The response is a hash which is the full ID of the new running container. Most times you'll be able to get away with a shorter version of the hash (as presented by docker ps. See below) or by the container name.

Examining the Running Container(s)

So the container is running. There's a MongoDB waiting for for a connection. Or is there? How can I tell and how can I figure out how to connect to it?

Docker offers a number of commands to view various aspects of the running containers.

Listing the Running Containers.

To list the running containers use docker ps

docker ps
CONTAINER ID        IMAGE                      COMMAND                CREATED             STATUS              PORTS                      NAMES
a90b275d00d4        markllama/mongodb:latest   /usr/bin/mongod --qu   5 mins  ago         Up 5 min  >27017/tcp   mongodb1

This line will likely wrap unless you have a wide screen.

In this case there is only one running container. Each line is a summary report on a single container. The important elements for now are the name, id and the ports summary. This last tells me that I should be able to connect from the host to the container MongoDB using localhost:49155 which is forward to the container's exposed port 27017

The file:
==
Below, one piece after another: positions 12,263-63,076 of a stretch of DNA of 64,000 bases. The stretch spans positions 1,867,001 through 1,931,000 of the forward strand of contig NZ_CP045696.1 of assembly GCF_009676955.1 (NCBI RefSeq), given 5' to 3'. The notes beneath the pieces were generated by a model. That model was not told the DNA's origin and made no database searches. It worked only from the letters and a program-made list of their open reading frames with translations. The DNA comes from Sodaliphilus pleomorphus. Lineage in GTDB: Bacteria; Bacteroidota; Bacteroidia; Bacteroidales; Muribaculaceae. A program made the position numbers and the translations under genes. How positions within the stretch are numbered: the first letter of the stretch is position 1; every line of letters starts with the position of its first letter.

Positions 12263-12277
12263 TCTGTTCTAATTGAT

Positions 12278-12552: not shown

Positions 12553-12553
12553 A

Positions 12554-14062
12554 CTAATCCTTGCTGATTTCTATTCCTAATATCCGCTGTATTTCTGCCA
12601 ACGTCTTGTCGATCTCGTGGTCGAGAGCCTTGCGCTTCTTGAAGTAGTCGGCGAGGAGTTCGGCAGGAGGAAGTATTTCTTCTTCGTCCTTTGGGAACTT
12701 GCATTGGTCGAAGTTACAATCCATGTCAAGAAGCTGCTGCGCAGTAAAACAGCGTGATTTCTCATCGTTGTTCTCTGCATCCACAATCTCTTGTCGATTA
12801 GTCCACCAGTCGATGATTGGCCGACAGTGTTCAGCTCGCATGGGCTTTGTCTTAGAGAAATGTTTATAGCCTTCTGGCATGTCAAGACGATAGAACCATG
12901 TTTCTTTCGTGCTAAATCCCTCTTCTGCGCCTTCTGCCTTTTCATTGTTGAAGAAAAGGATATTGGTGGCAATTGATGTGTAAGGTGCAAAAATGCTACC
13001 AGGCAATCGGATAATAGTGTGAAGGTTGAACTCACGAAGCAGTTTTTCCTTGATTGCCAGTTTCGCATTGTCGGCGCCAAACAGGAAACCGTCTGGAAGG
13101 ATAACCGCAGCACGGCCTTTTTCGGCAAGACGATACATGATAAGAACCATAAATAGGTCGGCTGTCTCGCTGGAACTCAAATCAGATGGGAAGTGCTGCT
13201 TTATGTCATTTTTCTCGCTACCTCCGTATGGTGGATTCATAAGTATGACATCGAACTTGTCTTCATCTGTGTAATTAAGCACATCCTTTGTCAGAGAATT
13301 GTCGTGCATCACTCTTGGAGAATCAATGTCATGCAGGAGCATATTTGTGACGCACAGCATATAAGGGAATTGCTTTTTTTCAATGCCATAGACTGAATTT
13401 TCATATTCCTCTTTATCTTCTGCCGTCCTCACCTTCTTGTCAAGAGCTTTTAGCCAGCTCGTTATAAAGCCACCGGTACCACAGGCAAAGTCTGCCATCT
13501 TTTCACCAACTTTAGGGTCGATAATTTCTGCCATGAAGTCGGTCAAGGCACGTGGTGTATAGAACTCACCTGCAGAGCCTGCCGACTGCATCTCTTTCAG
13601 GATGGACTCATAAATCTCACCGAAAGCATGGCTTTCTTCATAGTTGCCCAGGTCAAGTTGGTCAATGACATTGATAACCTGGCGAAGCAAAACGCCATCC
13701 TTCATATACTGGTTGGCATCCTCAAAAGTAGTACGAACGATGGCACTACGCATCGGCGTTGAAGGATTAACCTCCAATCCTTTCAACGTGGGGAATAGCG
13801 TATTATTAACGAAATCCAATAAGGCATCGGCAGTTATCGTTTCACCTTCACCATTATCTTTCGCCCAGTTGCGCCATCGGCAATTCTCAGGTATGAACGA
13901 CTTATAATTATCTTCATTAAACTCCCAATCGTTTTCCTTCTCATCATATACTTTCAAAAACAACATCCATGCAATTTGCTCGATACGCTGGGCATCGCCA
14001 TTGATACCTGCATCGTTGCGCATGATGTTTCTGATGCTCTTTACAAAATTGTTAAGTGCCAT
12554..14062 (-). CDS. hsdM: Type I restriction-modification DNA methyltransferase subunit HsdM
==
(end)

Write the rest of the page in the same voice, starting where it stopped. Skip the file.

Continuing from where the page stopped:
What did it do on startup?

A running container has one special process which is sort of like the init process on a host. That's the process indicated by the CMD or ENTRYPOINT directive in the Dockerfile.

When the container starts, the STDOUT of the initial process is connected to the the docker service. I can retrieve the output by requesting the logs.

For Docker commands which apply to single containers the final argument is either the ID or name of a container. Since I named the mongodb container I can use the name to access it.

docker logs mongodb1
Thu Aug 28 20:38:08.496 [initandlisten] MongoDB starting : pid=1 port=27017 dbpath=/var/lib/mongodb 64-bit host=a90b275d00d4
Thu Aug 28 20:38:08.498 [initandlisten] db version v2.4.6
Thu Aug 28 20:38:08.498 [initandlisten] git version: nogitversion
Thu Aug 28 20:38:08.498 [initandlisten] build info: Linux 3.10.9-200.fc19.x86_64 #1 SMP Wed Aug 21 19:27:58 UTC 2013 x86_64 BOOST_LIB_VERSION=1_54
Thu Aug 28 20:38:08.498 [initandlisten] allocator: tcmalloc
Thu Aug 28 20:38:08.498 [initandlisten] options: { command: [ "run" ], config: "/etc/mongodb.conf", dbpath: "/var/lib/mongodb", nohttpinterface: "true", noprealloc: "true", quiet: true, smallfiles: "true" }
Thu Aug 28 20:38:08.532 [initandlisten] journal dir=/var/lib/mongodb/journal
Thu Aug 28 20:38:08.532 [initandlisten] recover : no journal files present, no recovery needed
Thu Aug 28 20:38:10.325 [initandlisten] preallocateIsFaster=true 26.96